High-dose statins don't prevent kidney injury after cardiac surgery

By John Murphy, MDLinx
Published February 23, 2016

Key Takeaways

High-dose statin treatment did not reduce the risk of acute kidney injury in patients who underwent cardiac surgery, according to a study published February 23, 2016 in JAMA and simultaneously presented at the Society of Critical Care Medicine’s 45th Critical Care Congress, in Orlando, FL.

The results are a disappointment, as up to 30% of cardiac surgery patients suffer acute kidney injury after their procedure.

“In terms of reducing cardiovascular disease, statins are known to provide benefits beyond what would be expected from their effect on cholesterol levels,” said study author Frederic T. Billings IV, MD, MSc, Assistant Professor of Anesthesiology and Medicine at Vanderbilt University School of Medicine, in Nashville, TN.

One of those benefits could be decreased oxidative stress. A prior study by Dr. Billings and colleagues had demonstrated that oxidative stress may be an important mechanism for kidney injury in cardiac surgery patients. Observational studies suggested statin treatment might reduce that risk in such patients, but these studies were inconclusive and not specifically designed to test this hypothesis.

“So we thought, since we have a therapy that is common and well accepted in patients with cardiovascular disease, giving statins at high dose at the time of surgery may reduce oxidative stress and decrease kidney injury,” Dr. Billings said. “That was the rationale for this study.”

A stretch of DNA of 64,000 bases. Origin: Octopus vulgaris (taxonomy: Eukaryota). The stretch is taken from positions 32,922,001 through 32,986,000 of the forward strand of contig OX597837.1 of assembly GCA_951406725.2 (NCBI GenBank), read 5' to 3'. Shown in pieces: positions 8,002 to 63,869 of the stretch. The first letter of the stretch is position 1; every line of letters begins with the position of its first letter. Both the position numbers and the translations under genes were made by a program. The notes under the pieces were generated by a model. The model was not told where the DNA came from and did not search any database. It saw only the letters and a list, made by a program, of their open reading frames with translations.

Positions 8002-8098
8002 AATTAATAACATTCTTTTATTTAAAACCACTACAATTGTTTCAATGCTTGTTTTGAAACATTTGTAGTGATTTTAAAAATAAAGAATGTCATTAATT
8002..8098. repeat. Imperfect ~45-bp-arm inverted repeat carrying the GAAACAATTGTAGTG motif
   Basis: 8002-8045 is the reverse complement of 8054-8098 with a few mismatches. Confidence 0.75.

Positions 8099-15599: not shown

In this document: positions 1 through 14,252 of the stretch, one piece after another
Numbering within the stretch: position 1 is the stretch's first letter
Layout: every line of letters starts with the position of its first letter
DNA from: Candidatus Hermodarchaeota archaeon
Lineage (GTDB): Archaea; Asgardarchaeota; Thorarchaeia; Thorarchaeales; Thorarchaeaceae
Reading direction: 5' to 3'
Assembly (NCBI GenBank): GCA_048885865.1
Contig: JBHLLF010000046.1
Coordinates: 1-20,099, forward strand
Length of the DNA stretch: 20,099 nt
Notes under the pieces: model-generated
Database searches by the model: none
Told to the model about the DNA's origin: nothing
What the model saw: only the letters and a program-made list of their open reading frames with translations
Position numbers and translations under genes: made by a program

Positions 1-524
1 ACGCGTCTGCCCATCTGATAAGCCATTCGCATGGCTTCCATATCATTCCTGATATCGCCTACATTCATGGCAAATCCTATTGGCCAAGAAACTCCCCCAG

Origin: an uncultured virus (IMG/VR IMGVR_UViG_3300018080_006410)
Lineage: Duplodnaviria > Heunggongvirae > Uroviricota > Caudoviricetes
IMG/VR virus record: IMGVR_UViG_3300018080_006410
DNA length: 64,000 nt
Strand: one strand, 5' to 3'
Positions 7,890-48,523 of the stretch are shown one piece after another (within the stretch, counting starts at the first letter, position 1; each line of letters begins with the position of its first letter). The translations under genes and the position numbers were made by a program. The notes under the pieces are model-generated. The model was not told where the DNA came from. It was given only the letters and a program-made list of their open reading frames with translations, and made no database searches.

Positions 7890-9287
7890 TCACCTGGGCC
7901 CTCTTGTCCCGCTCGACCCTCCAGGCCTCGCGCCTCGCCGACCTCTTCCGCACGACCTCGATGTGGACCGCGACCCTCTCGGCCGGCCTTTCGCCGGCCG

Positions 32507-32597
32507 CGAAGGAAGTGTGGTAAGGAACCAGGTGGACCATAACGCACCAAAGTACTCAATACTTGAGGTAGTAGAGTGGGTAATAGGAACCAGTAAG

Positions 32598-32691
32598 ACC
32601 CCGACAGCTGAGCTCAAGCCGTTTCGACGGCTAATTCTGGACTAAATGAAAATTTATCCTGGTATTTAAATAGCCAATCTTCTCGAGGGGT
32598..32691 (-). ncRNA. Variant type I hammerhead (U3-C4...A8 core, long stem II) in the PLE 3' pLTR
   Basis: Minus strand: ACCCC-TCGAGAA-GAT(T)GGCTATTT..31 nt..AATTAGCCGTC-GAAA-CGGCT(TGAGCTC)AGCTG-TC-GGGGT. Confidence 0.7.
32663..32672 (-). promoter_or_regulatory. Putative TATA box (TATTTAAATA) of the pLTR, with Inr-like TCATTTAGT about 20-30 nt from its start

To that end, Dr. Billings and colleagues randomly assigned cardiac surgery patients naive to statin treatment to either placebo or to 80 mg of atorvastatin the day before surgery, 40 mg of atorvastatin the morning of surgery, and 40 mg of atorvastatin daily following surgery.

Patients already taking a statin prior to the study continued taking it until the day of surgery, and were then randomly assigned to either placebo or to 80 mg of atorvastatin the morning of surgery and 40 mg of atorvastatin the morning after. On postoperative day 2, they resumed taking their previously prescribed statin.

However, the data and safety monitoring board recommended stopping the study early due to increased kidney injury, but only for the group naive to statin treatment who received atorvastatin. The board later recommended stopping the study altogether due to the futility of using atorvastatin to benefit cardiac surgery outcomes.

By this point, 615 participants had completed the study. Overall, acute kidney injury occurred in similar numbers of patients in the atorvastatin group (21%) and in the placebo group (19.5%). Among patients naive to statin treatment, acute kidney injury occurred more in the atorvastatin group (22%) than in the placebo group (13%). In addition, the atorvastatin group had a greater average increase in serum creatinine concentration than the placebo group.

Among patients already taking a statin, acute kidney injury occurred in 20% of those in the atorvastatin group compared with 22% in the placebo group.

Also, 36 statin-naive patients already had chronic kidney disease when they entered the study. Results showed that those randomized to atorvastatin had more than three times the rate of postop acute kidney injury compared with those given placebo.

“We would hypothesize that other statins would pose similar results,” Dr. Billings said.

He added that this study has no implications for patients who use statins for long-term management of cholesterol and cardiovascular disease. For patients already on a statin, short-term withdrawal or continuation of the drug during surgery doesn’t appear to affect risk of kidney injury, he said.

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